The Maryville Board of Education on Monday tabled a proposal to place a cellphone tower at the high school football stadium in order to further study the options.
While most board members appeared ready to vote for the proposal — some reluctantly — when it came up on the agenda, hearing about a potential alternate location gave some pause.
Real estate agent Jay Blevins told the board he’d rather not have a tower nearby, but if one is necessary for better phone service at Maryville High School, he’d rather it be at the back of property he co-owns across the street than part of his view of the stadium and foothills in the distance.
View and reception
When discussion began Bethany Pope was the only board member to say she would vote against the proposal from Memphis-based Tower Ventures, which not only would improve service in the area but also give the school district up to $100,000 in one-time payments and $5,000 a month if four carriers use the proposed tower.
The proposal would replace a 60-foot light tower pole on the visitor side of the high school football stadium with a cellular tower at least double that height.
“I am completely against this,” Pope said. “I don’t want to look at this when I drive downtown. I think it will be an eyesore. I’m shocked that the people around there, some of the houses, haven’t come forward. Maybe they just don’t know about it yet.”
She called cell towers a “necessary evil” but said she doesn’t want one on the high school grounds.
Board member Candy Morgan said while it may be an eyesore she would be for it. “My concern is for the lack of reception at the high school,” she said. “There is so much happening in our world today I just would hate for there to be a delay of getting emergency personnel there.”
Board member Julie Elder said she agreed with Morgan. Elder said she was in the cafeteria recently and had no reception, missing several calls and texts. She said the coverage problem extends to the junior high campus. If Tower Ventures is going to place the equipment somewhere in the area, Elder said, she would rather the students benefit financially, and the 35-year lease would provide a good income stream.
Pope asked about the possibility of signal boosters to improve coverage, but Director Mike Winstead said a study several years ago determined the existing signal was not strong enough to boost.
Lou Katzerman, senior site acquisition and zoning manager for Tower Ventures, said the view would not change much because the field lights would be placed at the same height as before and associated equipment would be under the visitors’ bleachers.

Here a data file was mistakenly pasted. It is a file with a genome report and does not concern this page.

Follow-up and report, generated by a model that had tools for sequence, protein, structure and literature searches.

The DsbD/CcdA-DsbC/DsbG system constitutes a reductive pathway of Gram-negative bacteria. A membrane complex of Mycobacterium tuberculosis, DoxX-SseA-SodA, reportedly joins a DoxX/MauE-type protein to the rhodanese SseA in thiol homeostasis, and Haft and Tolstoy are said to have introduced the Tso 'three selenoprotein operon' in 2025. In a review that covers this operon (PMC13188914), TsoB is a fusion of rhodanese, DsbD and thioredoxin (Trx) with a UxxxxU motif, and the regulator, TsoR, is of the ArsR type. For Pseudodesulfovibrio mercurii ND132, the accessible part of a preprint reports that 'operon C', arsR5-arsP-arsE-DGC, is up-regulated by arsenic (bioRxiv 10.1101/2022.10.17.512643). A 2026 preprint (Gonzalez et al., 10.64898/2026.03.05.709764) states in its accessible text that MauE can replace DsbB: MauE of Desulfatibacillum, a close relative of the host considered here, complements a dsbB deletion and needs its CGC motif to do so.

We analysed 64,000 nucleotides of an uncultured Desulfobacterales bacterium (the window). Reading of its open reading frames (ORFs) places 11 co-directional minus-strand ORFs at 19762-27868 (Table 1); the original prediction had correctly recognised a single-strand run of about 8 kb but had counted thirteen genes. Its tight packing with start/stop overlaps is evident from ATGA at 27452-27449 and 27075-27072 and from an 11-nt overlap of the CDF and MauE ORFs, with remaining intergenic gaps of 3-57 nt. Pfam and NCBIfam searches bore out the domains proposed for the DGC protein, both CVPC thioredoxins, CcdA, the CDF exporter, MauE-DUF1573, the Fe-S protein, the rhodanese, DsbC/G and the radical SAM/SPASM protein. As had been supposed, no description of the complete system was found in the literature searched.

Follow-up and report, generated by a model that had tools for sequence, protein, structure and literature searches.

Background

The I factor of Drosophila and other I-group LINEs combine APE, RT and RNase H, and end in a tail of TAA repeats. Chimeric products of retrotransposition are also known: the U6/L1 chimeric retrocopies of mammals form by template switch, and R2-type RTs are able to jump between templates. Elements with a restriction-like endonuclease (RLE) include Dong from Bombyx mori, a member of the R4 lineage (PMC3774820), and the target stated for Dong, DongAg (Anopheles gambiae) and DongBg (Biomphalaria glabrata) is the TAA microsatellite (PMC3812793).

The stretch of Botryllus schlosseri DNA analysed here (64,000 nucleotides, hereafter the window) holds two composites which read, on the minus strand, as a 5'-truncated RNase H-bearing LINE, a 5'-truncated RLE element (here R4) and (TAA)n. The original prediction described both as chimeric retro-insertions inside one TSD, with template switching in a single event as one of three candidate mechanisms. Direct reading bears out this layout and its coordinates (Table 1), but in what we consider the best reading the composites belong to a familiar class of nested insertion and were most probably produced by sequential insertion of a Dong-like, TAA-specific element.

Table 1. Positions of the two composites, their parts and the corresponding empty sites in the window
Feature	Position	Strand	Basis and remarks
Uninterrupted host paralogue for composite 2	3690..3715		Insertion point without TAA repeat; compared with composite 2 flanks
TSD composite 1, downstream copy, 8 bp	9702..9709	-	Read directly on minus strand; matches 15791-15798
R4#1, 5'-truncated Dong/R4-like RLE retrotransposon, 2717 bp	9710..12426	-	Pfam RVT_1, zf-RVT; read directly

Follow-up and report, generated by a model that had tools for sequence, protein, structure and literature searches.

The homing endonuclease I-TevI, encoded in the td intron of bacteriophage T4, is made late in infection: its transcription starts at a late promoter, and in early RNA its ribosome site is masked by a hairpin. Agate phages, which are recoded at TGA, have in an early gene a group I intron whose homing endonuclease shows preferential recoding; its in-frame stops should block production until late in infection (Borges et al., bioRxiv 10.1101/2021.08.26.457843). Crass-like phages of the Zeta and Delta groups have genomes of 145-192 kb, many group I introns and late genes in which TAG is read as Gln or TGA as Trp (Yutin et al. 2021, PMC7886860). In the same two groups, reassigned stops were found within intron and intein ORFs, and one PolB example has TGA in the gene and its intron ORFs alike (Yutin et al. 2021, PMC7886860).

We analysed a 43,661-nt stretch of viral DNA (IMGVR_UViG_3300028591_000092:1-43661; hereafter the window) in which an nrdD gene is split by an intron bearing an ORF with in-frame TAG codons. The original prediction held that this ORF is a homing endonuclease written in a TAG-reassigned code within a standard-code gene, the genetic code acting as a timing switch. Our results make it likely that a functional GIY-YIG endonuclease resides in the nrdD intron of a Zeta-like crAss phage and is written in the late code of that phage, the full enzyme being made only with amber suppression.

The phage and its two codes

Pope asked what other properties the company had approached. Katzerman said New Providence Presbyterian Church initially agreed but withdrew, and the company looked across the street from the stadium at 819. W. Broadway Ave., where Lamon and McDaniel Builders and Blevins have their offices.
Katzerman said because the area is near a historic district approval at the state and federal level is more likely with a design changing an existing light stand. “They’re already looking at a pole with lights on it,” he said. “They only difference is there will be antennas on the top.”
While locations in other cities have been controversial, Katzerman said a cell tower is something “people need, want and definitely will use.”
Board member Chad Hampton said the potential benefits are obvious in coverage and finances. “We are externalizing these costs to the neighboring property owners, the eyesore, whatever reduction in property values they have,” he said.
“If we turn this down, are you telling me there’s a good chance you’re going to put this across the street?” he asked.
“Yes,” Katzerman replied. Pope asked whether it would be better hidden across the street.
“I think it’s better hidden as a light stand than a pine tree,” he said. Katzerman also told the board, “It’s never been proven that there’s an appreciable decrease in (home) value with cell towers.”
He also suggested that cell coverage can increase the value of a home.
Hampton said that like a landfill this is a NIMBY — Not In My Back Yard — problem.
At that point Hampton said he had been on the fence but would vote to approve since there likely would be a tower somewhere and others also would have to approve the project.
Chairman Nick Black said he also had been torn about the issue. “It will be an eyesore,” he said, but the enhanced coverage would be important.
Then during the public comment period Blevins told the board that he would rather not have a tower anywhere in the area. However, the spot proposed at the back of the property he shares with Lamon and McDaniel Builders offers the most hidden location,he said, behind a detached garage and large tree that would remain in place.
Blevins said the view from the conference room in the restored 1901 home is his life’s dream, with the MHS football stadium and foothills in the background, but that’s where the proposed tower would be.
“I just don’t want it dead in front of my building,” he said. “If you’ll find another place for it you’ll get my vote and I’ll shut up. But I’ll fight it tooth and nail instead of where they’re planning to put it right now.”
Katzerman said his company had been told approval for the Lamon and McDaniel Builders site would be “extremely tough” and could take two years only to ultimately be turned down, while he expects the school proposal could clear all hurdles in nine months to a year.
Ultimately the board tabled the proposal with a voice vote, after a motion from Pope that Hampton seconded, explaining that he wanted to know more about the process.
Both properties are in Maryville’s Central Community Zone and any application to place a cellphone tower would have to go through the city’s Board of Zoning Appeals for a special exception permit, according to Angie Luckie, public services director.